Their use of the term “self-publisher,” which they and their authors are not, is misleading at best and dishonest at worst. They are even so bold as to imply that authors have only two choices: publish with a traditional house or “self-publish” with a subsidy publisher. Subsidy presses deceive authors into believing they are “self-publishing” when in fact they are not. Self-publishing your own book implies that you, yourself, are the publisher. If you use a subsidy press, they are the book publishing company, not you.

If you have visions of your book becoming the next bestseller—or if you’d simply be satisfied just turning a modest profit—a subsidy press is not the best route to go. Books printed by subsidy presses rarely make it into bookstores. If your book does make it into a bookstore, you may find that it is not shelved in your intended genre, but rather, it has been placed in a catch-all category called “local authors.” Potential buyers often ignore this category because they perceive these books as being inferior in overall quality, which they often are. Sometimes the book bindings themselves are shoddy or less than professional. Cover art is noticeably amateurish at times, and the typesetting and font selection is not enticing for the reader.

Review copies of books sent to columnists by subsidy publishers generally go directly into the trashcan. Reviewers realize that very little editing has likely been done, and they also know that promotional efforts will be practically nonexistent and the book will not be available through the usual book distribution channels. A subsidy publisher name on a book is pretty much the kiss of death.

When you choose a subsidy publishing company, there is another issue to consider: Since they own the ISBN for your book, they usually set the price. They literally will tell you what to charge for your own book! This is more than a loss of control—it can even damage the sales of the book if they set the price too high or too low. Once an ISBN is set and printed on the back cover, and imbedded in the UPC bar code, you cannot change it.

It boils down to three types of publishing.
1. Traditional publishers. An author who signs a contract with a traditional publisher usually receives an advance against future royalties. The publisher owns the ISBN, but the copyright is in the author’s name. The publisher pays for and makes decisions about editing, cover, size, price, and production. Sales channels generally include book wholesalers and retailers, as well as inclusion in the company’s catalog. Authors are expected to do a good deal of book promotion and publicity—although they are often not aware of this until it’s too late.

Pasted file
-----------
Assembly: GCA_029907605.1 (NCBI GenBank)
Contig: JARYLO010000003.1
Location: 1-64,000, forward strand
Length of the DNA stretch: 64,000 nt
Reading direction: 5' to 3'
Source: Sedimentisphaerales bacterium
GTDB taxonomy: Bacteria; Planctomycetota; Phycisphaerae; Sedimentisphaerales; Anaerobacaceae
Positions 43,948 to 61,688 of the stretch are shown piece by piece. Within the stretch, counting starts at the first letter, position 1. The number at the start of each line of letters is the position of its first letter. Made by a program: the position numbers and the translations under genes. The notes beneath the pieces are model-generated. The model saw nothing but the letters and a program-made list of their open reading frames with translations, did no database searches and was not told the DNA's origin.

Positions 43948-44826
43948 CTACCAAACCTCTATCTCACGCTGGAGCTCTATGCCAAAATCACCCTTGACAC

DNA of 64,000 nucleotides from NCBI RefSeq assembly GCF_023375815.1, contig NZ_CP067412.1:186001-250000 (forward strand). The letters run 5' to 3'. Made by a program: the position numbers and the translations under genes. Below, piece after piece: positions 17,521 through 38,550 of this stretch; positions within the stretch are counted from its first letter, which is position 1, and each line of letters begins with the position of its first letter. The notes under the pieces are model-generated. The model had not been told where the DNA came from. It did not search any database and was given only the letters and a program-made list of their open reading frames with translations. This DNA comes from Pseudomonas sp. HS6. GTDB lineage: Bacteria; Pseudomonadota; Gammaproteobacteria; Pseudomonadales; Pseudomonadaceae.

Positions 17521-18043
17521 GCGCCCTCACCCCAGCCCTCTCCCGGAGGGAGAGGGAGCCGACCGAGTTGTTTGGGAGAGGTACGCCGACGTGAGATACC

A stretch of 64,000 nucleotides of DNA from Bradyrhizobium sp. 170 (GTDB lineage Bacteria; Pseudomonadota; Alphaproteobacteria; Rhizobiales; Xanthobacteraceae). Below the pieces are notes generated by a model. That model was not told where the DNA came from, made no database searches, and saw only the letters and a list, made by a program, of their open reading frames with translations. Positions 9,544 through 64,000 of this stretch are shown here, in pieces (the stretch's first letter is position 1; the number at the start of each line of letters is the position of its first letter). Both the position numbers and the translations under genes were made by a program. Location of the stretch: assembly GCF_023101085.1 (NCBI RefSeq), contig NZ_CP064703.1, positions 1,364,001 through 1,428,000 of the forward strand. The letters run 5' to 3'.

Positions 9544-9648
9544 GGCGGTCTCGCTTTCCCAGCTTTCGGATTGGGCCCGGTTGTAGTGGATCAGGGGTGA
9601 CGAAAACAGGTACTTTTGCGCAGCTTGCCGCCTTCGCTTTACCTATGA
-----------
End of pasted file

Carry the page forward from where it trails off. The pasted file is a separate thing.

2. Subsidy publishers. Authors who are “accepted” by subsidy publishers—and 99.9 percent of them are as long as they have the cash—pay to have these companies publish their books and get royalties on copies sold. The publisher generally owns the ISBN, although the author retains the copyright. The author pays for all steps in the publishing process, but the publisher makes most or all of the decisions on editing, cover, size, price, and production of the book. Sales channels are usually limited to the Web since these books are generally ignored by reviewers and others in the book trade. Authors must do their own promotion and publicity. Since they make money up front, subsidy publishers take no risks, and they have no incentive to design an outstanding book or fix typos or other problems.

3. Self-publishers. Self-publishing authors assume all responsibility for all aspects of their books—and they keep 100 percent of the profits. They also own their books’ ISBNs and copyrights; they pay for and make decisions about editing, cover, size, price, and printing, and they can use a wide variety of sales channels, including the Internet as well as all routes available to traditional publishers. Self-publishers know up front that they will be responsible for marketing, promotions, and publicity. Self-published books that sell extremely well may be noticed by traditional publishers, who might want to buy the rights from the author/publisher.

Authors choosing subsidy publishing really need to do their homework to make sure they understand exactly what they are signing. But if you intend to make money selling your book, and if you want value for your money as well as a credible product, self-publishing is likely the best way to go. If you do selfpublish, ensure your book’s quality by working with a reputable self-publishing company. Doing anything less can be a costly and career-threatening mistake.

All things self-publishing

After a few false starts, I have finally settled on a "home" for my new blog. Here, I hope to provide valuable information on all things self-publishing--from manuscript writing and editing to book packaging to promoting and marketing. I'll also be talking about the progress I am making on the book I am co-authoring with self-publishing guru Marilyn Ross, The Complete Guide to Self-Publishing, 5th Edition (slated for release March 2010).

Please feel free to comment and ask questions!